US spying agencies monitoring Merkel's phone since 2002 - report
US spying agencies have been monitoring German Chancellor Angela Merkel's mobile phone since 2002, Der Spiegel magazine reported on Saturday, dpa reported.
It added that US President Barack Obama told the German leader that he would have stopped the eavesdropping had he known about it.
Revelations that Merkel's phone was being tracked by the US National Security Agency (NSA) have sparked an outcry in Germany, and prompted the government to summon the US ambassador. German intelligence officials were to travel to Washington to meet with their US counterparts in the coming weeks, the governments said Friday.
Der Spiegel said Merkel's mobile phone number appeared under "GE Chancellor Merkel" on documents of the NSA's Special Collection Service.
It said the Special Collection Service was operating a "not legally registered espionage branch" at the US embassy in Berlin, where highly advanced equipment was being used to spy on the German government.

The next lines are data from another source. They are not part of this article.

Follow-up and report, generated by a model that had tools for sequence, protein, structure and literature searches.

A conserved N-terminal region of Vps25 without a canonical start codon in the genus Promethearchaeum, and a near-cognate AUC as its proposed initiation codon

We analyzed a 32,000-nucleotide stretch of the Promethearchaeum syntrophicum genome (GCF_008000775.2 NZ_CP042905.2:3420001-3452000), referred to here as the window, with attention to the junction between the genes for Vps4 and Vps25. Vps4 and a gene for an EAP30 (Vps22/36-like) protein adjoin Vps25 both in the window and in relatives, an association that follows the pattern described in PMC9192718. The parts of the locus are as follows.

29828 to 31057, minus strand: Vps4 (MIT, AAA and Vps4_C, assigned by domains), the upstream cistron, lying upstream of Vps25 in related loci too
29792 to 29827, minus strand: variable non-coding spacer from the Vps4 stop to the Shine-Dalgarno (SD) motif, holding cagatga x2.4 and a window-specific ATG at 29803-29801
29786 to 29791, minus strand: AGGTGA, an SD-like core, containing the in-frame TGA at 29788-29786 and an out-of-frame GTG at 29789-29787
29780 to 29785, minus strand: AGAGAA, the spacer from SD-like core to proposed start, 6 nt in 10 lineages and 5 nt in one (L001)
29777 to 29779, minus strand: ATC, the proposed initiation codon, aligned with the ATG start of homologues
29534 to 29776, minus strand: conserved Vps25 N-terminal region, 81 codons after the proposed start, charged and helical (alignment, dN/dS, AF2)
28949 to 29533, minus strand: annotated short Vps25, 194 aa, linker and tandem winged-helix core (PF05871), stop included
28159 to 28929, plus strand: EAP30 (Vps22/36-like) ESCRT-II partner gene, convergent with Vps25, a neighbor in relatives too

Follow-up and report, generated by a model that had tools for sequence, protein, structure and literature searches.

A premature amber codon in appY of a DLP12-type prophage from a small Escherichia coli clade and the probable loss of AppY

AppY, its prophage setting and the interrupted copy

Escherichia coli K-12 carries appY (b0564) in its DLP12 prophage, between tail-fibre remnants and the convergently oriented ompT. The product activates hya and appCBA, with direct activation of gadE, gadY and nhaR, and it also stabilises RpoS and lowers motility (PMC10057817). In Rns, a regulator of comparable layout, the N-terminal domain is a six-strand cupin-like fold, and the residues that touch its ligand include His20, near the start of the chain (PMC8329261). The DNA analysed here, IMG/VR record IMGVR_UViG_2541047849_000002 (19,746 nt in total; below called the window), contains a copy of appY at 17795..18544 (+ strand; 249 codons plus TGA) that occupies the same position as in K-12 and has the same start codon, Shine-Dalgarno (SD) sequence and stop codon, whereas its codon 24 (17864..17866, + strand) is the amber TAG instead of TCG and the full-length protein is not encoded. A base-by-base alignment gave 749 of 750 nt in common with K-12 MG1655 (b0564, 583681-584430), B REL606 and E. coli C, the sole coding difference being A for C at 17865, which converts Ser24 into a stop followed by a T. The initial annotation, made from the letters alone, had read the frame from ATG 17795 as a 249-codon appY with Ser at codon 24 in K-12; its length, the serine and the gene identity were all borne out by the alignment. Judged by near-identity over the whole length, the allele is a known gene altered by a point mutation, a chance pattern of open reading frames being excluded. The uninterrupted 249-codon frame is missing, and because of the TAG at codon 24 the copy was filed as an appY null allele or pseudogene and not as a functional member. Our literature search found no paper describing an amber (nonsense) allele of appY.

Based on a secret 2010 document, the magazine added that the NSA was operating similar spying centres in some 80 location worldwide, including 19 in Europe. It named Paris, Madrid, Rome, Prague, Geneva and Frankfurt as homes to such NSA branches.
The German government said on Friday that Merkel's calls were safe given she normally uses encrypted phones.
Mounting revelations about the digital surveillance activities of the NSA - many of which originated with fugitive whistleblower Edward Snowden - have strained US relations with European allies.
Germany and Brazil are expected to introduce a resolution at the United Nations next week calling for expansion of privacy rights online and seeking the UN human rights commissioner to take up the issue.
Merkel called Obama this week to complain about the revelations.
In Washington, several hundred demonstrators marched to the US Capitol to protest government surveillance programmes for the Stop Watching Us rally.
Some protesters carried large, cardboard models of mobile phones in an apparent reference to the most recent allegations that the NSA spied on the phones of dozens of world leaders.
The rally was organized by some 100 groups from across the political spectrum to call for greater transparency in the US spying programme and for stricter privacy protections. They were to deliver a petition with more than 570,000 signatures to Congress.